Many of us are continuing to provide services and support to our participants and their families during this time of “Staying Safe at Home”. At our center we are providing a weekly activity packet for our participants and caregivers to support them through this that includes Caregiver tips, support and activities. I will be sharing the tips and support that we provide to our members, weekly on this site.
There is not copyright on this, please feel free to copy and distribute as you wish, although I make no guarantee or warranty in relationship to its use or how you choose to use it.
Safer-At-Home Tips and Support
Keeping yourself and your loved one busy
T.V. will get old, constant watching of the news may cause anxiety and fear. It is very important for you at this time to stay busy. Below are some activities that you and/or your loved one can do to stay busy and/or feel productive as well.
- Organize something in the house, a drawer, a closet a room
- Do a puzzle
- Do the activities we’ve placed in your packet
- Keep connected with friends and other family members, make phone calls, use “Zoom”, face time or google hangouts if you have internet service
Keeping busy for those with Dementia/Alzheimer’s; Think of something your loved one used to like to do, or enjoy, and help them to engage in an activity that is similar to this if he or she is unable to engage in this. For example:
If your loved one used to like housework, perhaps give them a simple task, and let them know how much you appreciate it. Things like folding washcloths, or sorting socks by color, wiping the table down or even sweeping, will give them a sense of purpose (which we all need to feel good about ourselves) and keep them busy. You can have them fold the same washcloths or sort the same socks multiple times if this seems to make them happy, or less anxious. It doesn’t have to be washcloths or socks, it can be anything you can think of that will keep them busy and increase their feelings of mastery and productivity.
If your loved one used to like to garden, or still gardens, let them plant some seeds, or pull weeds, or water the garden.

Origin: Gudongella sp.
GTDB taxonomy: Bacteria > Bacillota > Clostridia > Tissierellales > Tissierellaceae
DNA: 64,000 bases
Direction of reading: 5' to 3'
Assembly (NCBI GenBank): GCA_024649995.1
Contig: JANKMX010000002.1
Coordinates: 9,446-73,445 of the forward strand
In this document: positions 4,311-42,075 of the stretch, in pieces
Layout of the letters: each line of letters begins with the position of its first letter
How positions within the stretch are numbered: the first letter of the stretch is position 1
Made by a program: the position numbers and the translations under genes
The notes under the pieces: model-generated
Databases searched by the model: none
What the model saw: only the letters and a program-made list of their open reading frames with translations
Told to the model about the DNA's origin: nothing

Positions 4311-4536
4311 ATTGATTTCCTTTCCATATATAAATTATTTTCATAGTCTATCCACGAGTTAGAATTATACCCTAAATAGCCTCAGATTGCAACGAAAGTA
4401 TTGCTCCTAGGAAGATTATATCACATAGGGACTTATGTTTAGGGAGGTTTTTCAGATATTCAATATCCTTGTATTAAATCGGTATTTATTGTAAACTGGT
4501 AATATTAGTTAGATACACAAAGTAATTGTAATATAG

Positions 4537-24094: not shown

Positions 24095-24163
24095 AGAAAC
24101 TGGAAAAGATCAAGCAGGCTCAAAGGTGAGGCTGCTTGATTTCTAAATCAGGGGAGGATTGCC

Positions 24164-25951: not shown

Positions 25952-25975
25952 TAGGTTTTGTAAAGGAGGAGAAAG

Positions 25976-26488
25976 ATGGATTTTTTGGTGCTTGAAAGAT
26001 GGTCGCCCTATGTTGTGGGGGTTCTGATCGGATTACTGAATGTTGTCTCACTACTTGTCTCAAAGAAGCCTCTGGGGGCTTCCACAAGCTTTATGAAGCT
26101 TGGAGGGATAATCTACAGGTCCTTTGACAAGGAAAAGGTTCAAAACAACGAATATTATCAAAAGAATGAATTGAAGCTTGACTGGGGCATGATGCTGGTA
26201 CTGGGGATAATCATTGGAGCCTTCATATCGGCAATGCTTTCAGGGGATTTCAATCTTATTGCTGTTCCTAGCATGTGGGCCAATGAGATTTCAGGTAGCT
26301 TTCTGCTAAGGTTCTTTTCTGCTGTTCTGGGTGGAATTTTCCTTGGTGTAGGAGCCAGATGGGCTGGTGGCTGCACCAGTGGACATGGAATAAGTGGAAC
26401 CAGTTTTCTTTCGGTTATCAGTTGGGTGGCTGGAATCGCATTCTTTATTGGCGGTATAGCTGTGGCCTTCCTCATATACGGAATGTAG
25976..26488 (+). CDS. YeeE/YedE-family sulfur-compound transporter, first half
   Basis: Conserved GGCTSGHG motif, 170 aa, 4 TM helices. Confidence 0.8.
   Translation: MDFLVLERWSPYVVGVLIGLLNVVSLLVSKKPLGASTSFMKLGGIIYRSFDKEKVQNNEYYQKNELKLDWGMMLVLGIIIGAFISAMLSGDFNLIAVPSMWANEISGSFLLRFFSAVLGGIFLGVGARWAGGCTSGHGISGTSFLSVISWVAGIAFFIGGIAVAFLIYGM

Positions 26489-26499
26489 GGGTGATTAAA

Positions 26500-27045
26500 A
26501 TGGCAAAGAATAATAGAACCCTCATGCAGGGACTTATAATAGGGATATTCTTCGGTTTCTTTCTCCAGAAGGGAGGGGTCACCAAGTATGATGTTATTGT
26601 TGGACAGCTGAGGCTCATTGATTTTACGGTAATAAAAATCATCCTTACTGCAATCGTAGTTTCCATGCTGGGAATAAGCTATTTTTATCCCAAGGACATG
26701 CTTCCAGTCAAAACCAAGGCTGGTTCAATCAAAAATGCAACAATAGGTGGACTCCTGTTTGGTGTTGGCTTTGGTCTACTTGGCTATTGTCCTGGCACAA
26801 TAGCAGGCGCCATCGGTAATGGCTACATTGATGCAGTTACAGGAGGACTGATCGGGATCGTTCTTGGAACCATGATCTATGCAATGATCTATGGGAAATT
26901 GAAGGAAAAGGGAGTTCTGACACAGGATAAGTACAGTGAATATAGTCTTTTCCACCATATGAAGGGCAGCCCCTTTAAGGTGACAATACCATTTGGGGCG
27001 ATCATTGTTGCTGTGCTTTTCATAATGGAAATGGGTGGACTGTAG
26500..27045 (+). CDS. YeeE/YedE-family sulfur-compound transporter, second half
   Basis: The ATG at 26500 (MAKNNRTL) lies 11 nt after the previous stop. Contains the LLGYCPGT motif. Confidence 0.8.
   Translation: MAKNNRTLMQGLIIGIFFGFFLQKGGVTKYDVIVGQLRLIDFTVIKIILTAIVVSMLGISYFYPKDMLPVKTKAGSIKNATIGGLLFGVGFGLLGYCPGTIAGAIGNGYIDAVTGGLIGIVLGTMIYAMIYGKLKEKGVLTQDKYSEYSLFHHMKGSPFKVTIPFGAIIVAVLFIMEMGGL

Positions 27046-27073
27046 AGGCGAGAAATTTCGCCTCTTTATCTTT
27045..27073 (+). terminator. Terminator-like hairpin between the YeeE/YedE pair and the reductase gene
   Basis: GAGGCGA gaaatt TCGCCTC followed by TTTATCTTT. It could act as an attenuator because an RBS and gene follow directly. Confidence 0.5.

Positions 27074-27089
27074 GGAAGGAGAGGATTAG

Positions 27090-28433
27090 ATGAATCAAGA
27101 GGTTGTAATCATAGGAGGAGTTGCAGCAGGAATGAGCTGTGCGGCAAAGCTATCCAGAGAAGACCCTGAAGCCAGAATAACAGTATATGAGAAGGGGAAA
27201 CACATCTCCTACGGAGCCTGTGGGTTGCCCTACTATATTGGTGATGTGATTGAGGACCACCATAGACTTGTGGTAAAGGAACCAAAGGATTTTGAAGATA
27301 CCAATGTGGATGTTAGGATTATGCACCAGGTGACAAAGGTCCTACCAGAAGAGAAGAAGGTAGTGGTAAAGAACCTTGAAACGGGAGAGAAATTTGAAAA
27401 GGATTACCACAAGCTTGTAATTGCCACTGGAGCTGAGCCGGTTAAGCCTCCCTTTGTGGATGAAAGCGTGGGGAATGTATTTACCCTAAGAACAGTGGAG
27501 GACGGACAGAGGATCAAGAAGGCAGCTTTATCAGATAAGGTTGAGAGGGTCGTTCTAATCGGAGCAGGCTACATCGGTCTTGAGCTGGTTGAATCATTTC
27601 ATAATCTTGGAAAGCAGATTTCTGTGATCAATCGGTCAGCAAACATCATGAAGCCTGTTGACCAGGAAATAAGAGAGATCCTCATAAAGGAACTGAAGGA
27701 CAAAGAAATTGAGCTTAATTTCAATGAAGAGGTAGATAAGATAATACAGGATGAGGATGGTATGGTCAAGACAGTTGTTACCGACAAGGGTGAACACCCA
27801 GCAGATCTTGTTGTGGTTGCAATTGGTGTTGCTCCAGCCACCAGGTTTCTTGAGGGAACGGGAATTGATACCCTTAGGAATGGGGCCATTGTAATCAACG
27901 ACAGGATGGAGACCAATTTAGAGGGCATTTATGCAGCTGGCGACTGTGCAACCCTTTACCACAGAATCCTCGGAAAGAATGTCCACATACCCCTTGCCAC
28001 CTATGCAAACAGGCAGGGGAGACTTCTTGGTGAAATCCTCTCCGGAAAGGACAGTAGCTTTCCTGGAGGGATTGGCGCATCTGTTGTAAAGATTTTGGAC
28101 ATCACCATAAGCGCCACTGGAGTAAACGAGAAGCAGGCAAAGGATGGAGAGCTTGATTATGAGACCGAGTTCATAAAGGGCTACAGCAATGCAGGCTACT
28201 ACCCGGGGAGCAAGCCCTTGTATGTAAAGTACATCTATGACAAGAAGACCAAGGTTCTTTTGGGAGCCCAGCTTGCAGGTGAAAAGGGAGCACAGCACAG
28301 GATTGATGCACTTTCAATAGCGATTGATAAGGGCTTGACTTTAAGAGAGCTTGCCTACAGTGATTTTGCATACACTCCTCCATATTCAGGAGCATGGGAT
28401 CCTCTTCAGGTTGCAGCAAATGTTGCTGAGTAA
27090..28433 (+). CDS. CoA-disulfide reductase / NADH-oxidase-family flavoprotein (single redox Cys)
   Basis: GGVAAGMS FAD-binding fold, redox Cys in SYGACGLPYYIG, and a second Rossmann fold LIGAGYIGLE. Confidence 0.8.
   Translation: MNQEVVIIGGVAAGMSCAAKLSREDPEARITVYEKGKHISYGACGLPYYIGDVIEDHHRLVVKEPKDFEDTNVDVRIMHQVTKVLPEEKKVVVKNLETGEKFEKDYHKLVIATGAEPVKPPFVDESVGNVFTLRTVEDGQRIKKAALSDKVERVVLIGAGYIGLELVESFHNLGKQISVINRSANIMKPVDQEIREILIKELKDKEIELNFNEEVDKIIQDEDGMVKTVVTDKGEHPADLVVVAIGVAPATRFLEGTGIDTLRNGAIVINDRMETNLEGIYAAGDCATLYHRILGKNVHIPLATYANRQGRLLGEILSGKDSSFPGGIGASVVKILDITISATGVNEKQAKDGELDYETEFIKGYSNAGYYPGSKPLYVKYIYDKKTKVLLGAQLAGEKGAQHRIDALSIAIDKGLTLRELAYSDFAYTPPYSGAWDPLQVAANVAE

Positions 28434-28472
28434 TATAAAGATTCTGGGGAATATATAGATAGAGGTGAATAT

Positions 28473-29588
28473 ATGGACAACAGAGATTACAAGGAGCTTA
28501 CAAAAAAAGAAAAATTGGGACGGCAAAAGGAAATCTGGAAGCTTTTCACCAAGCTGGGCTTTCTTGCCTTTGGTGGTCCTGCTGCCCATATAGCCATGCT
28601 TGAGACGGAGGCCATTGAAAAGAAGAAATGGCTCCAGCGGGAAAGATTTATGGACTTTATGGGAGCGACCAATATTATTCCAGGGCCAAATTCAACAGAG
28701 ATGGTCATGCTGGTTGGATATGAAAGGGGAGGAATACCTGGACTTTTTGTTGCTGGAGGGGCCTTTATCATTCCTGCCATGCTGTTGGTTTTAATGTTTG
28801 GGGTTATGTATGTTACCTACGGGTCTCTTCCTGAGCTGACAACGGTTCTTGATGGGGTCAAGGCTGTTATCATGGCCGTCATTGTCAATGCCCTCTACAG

Make bread, and ask if they would kneed it for you. Have them help in the kitchen within their abilities. Perhaps take the silverware out and ask them to organize it.
If you have a box of buttons, you can ask them to sort the buttons, by color or shape, or size. Sorting of items is a good task to keep them engaged. Be sure to thank them when they are done, let them know how much of a help they have been.
For those with dementia/Alzheimer’s disease
Conversation starters. It’s important to remember when having a conversation with someone who has dementia that very often their long-term memory is more (sometimes much more) intact than their short term memory. When having a conversation with them, talking with them about things that happened a long time ago vs. talking about the now will create a more meaningful connection for both of you. It will help you to feel more connected and them to feel more competent and secure. There are a lot of prompts below for conversation starters, but don’t feel like you have to ask every one, feel free to let the conversation go where it goes, your loved one may surprise you and tell you things you never knew!
Give it a try. Here are some conversation starters:
- Tell me about your first car, what color was it, how old were you when you got it. How did you get it? Did you save and buy it, was it a gift, did you build it. What is one of your favorite memories about your car. What made it special, where did you go in it? What ended up happening to it. If you have access to a computer, look up the car they describe and show it to them, this may also serve to spark memories and more detailed conversation.
- Tell me about a pet you had when you were a child. When did you get it, what kind of animal/breed was it, what was its name. How old were you when you got it. Did you take care of it, or did someone else, tell me a funny story about the pet. Did you want it? What color was it. Do you remember what its fur felt like. Did it do any tricks?
- Who was your best friend when you were 8 years old? What was their name? What kinds of things did you like to do. How did you meet them, at school, the neighborhood? Tell me a funny story about the two of you? Did you sleep over at each other’s house?
- Tell me about your favorite television show, why did you like it, did your whole family watch it? What do you remember about the actors of the show, who was your favorite actor/character on the show, and why did you like them?
- What sports did you play when you were young? Were you on a team? What position did you play? Do you remember a game that was especially memorable, why was it memorable? Did you earn any trophies? What did you most like about the game?